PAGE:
by Mario Figueiredo on November 20, 2012 in Editorials & Interviews, Security
We’ve talked a lot in the past about keeping your computer safe and data backed-up, but we haven’t delved much into keeping your data secure. In this first part to a three-part series, we’re taking a look at one of the best (and easiest-to-use) cross-platform solutions for keeping your important data encrypted: TrueCrypt.
It is not just the encryption algorithms and overall security measures being used that should be under the watchful eye of anyone committed to securing their data. We provide a modicum amount of security to our daily lives by making use of a small network of trust. We tell a friend a secret if we trust them to keep it, we allow a director to write checks from our business account if we trust them to be honest. Likewise, we generally entrust our personal data to websites or services on a basis of trust.
TrueCrypt itself is not a security measure. It is a tool that implements a security measure. This distinction is important and because of it, it should be under close scrutiny. Does TrueCrypt do what its authors say it does? Does it have any backdoors? What are other people saying about TrueCrypt? Has it been broken before? Has anyone analysed TrueCrypt in any detail? Who makes TrueCrypt?
These questions make sense when we want to entrust TrueCrypt to secure our most sensitive data and no one should feel intimidated to ask them.
As you can expect, TrueCrypt has been under the scope of many a user. Through the years, some arguments have surfaced questioning TrueCrypt as a safe tool. Note that this is perfectly acceptable. From a security point-of-view, reports on the strengths of a security tool are mostly anecdotal and usually of little value. There’s good reason to keep a cynical mind about these matters, and want only to pay attention to that which may be revealing of its weaknesses. But an inquisitive and cynical mind isn’t enough. One should also remain rational and pass any information through the filter of common sense.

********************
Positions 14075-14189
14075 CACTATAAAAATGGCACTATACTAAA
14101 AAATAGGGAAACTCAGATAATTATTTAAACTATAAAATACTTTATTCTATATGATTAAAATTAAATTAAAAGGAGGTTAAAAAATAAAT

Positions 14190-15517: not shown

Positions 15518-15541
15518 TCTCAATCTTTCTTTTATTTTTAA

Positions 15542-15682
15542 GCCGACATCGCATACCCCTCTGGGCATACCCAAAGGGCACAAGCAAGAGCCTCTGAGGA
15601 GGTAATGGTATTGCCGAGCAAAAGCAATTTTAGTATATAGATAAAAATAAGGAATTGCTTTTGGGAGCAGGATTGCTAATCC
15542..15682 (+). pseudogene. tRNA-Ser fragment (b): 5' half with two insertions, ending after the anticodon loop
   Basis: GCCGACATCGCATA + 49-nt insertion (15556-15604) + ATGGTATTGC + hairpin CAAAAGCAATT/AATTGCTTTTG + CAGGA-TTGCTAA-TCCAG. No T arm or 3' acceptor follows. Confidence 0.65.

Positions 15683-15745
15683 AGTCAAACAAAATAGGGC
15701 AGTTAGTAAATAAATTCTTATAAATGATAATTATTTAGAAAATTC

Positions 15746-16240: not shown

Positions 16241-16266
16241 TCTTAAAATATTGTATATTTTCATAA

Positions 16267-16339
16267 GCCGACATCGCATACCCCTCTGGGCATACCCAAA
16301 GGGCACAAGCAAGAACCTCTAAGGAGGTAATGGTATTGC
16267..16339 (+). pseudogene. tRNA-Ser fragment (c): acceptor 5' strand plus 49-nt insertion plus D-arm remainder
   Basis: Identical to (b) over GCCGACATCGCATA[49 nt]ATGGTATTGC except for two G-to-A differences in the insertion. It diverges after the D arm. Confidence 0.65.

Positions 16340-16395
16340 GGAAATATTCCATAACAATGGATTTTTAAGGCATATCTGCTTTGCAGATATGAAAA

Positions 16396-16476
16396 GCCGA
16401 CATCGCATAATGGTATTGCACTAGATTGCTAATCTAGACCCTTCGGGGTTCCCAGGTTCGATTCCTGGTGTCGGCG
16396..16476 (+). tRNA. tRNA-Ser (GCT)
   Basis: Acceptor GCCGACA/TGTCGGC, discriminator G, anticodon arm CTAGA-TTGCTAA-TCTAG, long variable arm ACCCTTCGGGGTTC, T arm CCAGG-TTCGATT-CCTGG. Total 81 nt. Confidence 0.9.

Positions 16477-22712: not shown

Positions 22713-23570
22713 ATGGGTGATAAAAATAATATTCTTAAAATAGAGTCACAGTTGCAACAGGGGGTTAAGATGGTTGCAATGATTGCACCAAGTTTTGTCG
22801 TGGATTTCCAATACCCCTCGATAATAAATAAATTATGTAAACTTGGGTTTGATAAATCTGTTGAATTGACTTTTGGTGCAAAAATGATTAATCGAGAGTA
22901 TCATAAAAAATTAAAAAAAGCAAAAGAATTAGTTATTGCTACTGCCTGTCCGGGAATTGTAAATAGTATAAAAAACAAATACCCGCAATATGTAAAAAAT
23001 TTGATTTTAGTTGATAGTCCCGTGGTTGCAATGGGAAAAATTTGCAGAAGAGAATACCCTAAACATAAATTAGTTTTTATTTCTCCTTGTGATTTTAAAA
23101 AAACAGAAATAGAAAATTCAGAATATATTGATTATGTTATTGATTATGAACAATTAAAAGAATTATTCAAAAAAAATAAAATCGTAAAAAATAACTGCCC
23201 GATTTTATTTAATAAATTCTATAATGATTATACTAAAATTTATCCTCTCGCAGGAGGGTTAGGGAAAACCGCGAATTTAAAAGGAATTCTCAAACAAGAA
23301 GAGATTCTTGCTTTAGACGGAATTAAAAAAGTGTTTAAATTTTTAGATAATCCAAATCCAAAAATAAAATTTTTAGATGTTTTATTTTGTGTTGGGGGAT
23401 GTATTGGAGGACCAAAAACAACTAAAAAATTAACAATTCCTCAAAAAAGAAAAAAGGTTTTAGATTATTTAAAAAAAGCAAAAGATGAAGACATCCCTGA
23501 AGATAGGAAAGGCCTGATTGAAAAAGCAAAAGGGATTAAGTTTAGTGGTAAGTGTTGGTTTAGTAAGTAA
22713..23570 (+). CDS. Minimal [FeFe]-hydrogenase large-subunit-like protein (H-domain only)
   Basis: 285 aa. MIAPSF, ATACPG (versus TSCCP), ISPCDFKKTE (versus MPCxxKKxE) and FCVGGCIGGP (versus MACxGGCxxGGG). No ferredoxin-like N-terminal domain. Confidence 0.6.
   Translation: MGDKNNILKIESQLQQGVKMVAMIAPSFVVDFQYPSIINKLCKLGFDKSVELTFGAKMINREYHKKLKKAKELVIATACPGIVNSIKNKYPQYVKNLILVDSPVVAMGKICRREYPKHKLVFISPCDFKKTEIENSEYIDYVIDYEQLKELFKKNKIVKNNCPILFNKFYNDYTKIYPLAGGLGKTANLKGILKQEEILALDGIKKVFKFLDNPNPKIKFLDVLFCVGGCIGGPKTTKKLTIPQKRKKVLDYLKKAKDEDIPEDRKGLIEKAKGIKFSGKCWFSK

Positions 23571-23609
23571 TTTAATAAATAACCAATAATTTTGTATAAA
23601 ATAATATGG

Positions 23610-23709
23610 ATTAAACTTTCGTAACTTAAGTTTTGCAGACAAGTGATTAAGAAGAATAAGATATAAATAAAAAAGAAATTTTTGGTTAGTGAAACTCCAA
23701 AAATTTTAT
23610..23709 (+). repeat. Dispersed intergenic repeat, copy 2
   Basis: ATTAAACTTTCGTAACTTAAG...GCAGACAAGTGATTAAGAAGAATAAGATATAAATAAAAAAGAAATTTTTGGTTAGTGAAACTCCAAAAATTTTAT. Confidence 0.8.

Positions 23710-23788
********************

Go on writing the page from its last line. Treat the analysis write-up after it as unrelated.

One such place that lists the security issues that some users have been pointing out is found on a personal blog: Privacy Lover. Here you will find the top concerns regarding TrueCrypt trustworthiness. Before reaching the end of this first article on TrueCrypt, I’d like to address a few of them myself:
Nobody knows anything about the developers, they do not want to identify themselves.
This is indeed troubling. It’s hard to imagine why the TrueCrypt developers wish to remain anonymous. There may be personal reasons we can’t be aware of, but in the face of it, one would expect (given the nature of the tool) the developers to be more open-minded about this issue and simply state — not the actual reasons — but their motivation to remain anonymous.
Closed source full disk encryption competitors like WinMagic, DriveCrypt (Securstar) and PGP Corporation have a full time team of software developers working in their products[…] meanwhile two unpaid TrueCrypt developers manage to work on Linux, MAC and Windows versions, on 32 and 64 versions and support the next Windows 7 as soon as it has been released, at the same time, presumably, these two TrueCrypt developers also hold full time jobs that pays them a salary to feed their families and covers their mortgages.